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24

Murder and killing are not necessarily the same thing. The King James Bible adds confusion to this debate by translating Exodus 20:13 as: Thou shalt not kill. Which historically has been interpreted to mean a commandment against all forms of killing, including capital punishment, war, and in some cases, even against killing animals. In the context of ...


19

The short answer is "To teach Jacob an important lesson." This all takes place, of course, in Genesis 32. First, to your first question: Jacob wasn't "good" by any means. If you look at Jacob before this, he has stolen the blessing that was Esau's birthright. (Genesis 27). He had several children with women he didn't love, and was certainly no great ...


7

Methinks that the problem lies with this statement: I stated that He entered into the physical world in His incarnation. Your multiple examples demonstrate that God did manifest a physical form before He was incarnated in Jesus. However, this physical form wasn't necessarily human flesh and blood. Quite possibly a human appearance, like the angels ...


6

Fire is symbolic of: God's glory A source of illumination An indication of power A source of cleansing (the environment was made holy) A source of warmth and comfort in cold and dark places God's wrath against uncleanliness That the bush was not consumed is a sign that: That the fire was not sustained by the bush. God's existence doesn't depend on ...


6

There is a concept found throughout the Old Testament that God is a consuming fire: Deuteronomy 4:24 (NIV) For the LORD your God is a consuming fire, a jealous God. The idea behind this consuming fire is that it is the fire of God's judgment. Just before that verse in Deuteronomy, it says not to make idols (starting in verse 24) because the God is a ...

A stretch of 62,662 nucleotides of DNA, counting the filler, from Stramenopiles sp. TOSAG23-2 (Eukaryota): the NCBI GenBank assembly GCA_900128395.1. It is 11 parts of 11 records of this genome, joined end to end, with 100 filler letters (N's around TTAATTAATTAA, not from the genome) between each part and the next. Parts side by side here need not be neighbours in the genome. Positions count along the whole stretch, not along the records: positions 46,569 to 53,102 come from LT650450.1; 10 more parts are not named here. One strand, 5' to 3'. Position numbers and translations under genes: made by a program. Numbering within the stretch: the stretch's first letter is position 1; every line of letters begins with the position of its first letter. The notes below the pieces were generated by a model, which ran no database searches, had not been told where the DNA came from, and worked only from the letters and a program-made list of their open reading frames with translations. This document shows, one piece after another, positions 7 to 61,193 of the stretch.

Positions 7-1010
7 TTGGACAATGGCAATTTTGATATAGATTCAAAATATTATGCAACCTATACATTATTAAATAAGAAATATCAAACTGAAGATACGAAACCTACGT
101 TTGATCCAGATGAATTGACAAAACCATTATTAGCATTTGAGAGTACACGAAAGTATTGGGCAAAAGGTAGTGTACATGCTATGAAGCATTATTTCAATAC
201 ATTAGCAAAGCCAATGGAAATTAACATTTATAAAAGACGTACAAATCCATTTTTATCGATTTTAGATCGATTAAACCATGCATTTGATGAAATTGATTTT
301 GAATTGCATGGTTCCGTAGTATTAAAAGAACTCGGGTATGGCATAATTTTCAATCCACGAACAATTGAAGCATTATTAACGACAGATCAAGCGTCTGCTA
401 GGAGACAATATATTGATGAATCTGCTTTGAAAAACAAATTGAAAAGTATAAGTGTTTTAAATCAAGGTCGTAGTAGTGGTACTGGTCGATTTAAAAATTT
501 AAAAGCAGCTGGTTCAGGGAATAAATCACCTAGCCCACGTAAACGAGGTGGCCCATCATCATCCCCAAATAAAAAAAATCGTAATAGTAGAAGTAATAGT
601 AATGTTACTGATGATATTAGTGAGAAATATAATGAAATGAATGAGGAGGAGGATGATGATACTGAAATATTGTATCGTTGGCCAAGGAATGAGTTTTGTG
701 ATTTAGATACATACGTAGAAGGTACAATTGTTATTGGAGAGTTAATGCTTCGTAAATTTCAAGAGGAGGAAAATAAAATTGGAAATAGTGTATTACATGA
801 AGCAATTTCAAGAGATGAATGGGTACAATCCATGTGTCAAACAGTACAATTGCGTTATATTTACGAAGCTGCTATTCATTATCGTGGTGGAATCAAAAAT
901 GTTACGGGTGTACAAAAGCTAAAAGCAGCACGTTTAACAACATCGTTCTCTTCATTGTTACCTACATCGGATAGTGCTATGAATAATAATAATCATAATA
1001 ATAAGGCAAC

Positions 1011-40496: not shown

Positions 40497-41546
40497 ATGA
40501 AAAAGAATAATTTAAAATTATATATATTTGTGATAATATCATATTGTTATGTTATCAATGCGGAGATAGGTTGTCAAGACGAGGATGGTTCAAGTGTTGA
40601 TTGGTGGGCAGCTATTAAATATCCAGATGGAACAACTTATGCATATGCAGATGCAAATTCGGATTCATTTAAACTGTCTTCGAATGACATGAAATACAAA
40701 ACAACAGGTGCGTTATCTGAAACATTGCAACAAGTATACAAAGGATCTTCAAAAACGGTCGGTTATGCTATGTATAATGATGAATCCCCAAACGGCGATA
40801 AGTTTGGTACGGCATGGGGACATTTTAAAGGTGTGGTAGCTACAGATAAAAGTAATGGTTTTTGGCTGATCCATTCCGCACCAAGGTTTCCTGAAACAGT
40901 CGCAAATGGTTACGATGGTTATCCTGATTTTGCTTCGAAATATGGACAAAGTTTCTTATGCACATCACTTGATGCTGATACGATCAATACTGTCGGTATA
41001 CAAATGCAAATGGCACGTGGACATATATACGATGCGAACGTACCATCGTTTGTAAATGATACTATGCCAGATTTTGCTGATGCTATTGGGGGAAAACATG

5

This is an example of a theophany. People often make the mistake of equating the descriptions of God with human form. Just because God is said to have a face, shoulders, a right hand etc. does not make him human. The same could be said of a koala bear [or enter arbitrary animal here!]. There are many, many references throughout the bible to God's "body", ...


4

Our church also teaches this. In a recent sermon, our Pastor taught that the Angel of the Lord can be used interchangeably with Christ. As we believe in the Trinity, this means the Angel of the Lord is also God. The following is some (but not all) of the Scriptural evidence used to support this teaching: From Baker's Evangelical Dictionary: The ...


4

When God gives you a command then it becomes your moral duty to do said thing. So yes it would force you to either commit murder or go against God's will which would be sinful. I hasten to add though that the the events in the Old Testament that talk about the Israelis who are commanded to kill are isolated events and we should read about the circumstances ...


4

I am sorry to say it, but we don't know why GOD chose to wrestle Jacob. Maybe Jacob needed to wrestle GOD, maybe it was a dream, symbolic of all humanity, the Scriptures leave the event open to a lot of interpretation. But that is completely due to Genesis not giving us a reason for GOD wrestling Jacob, I know this may not be the answer you were looking ...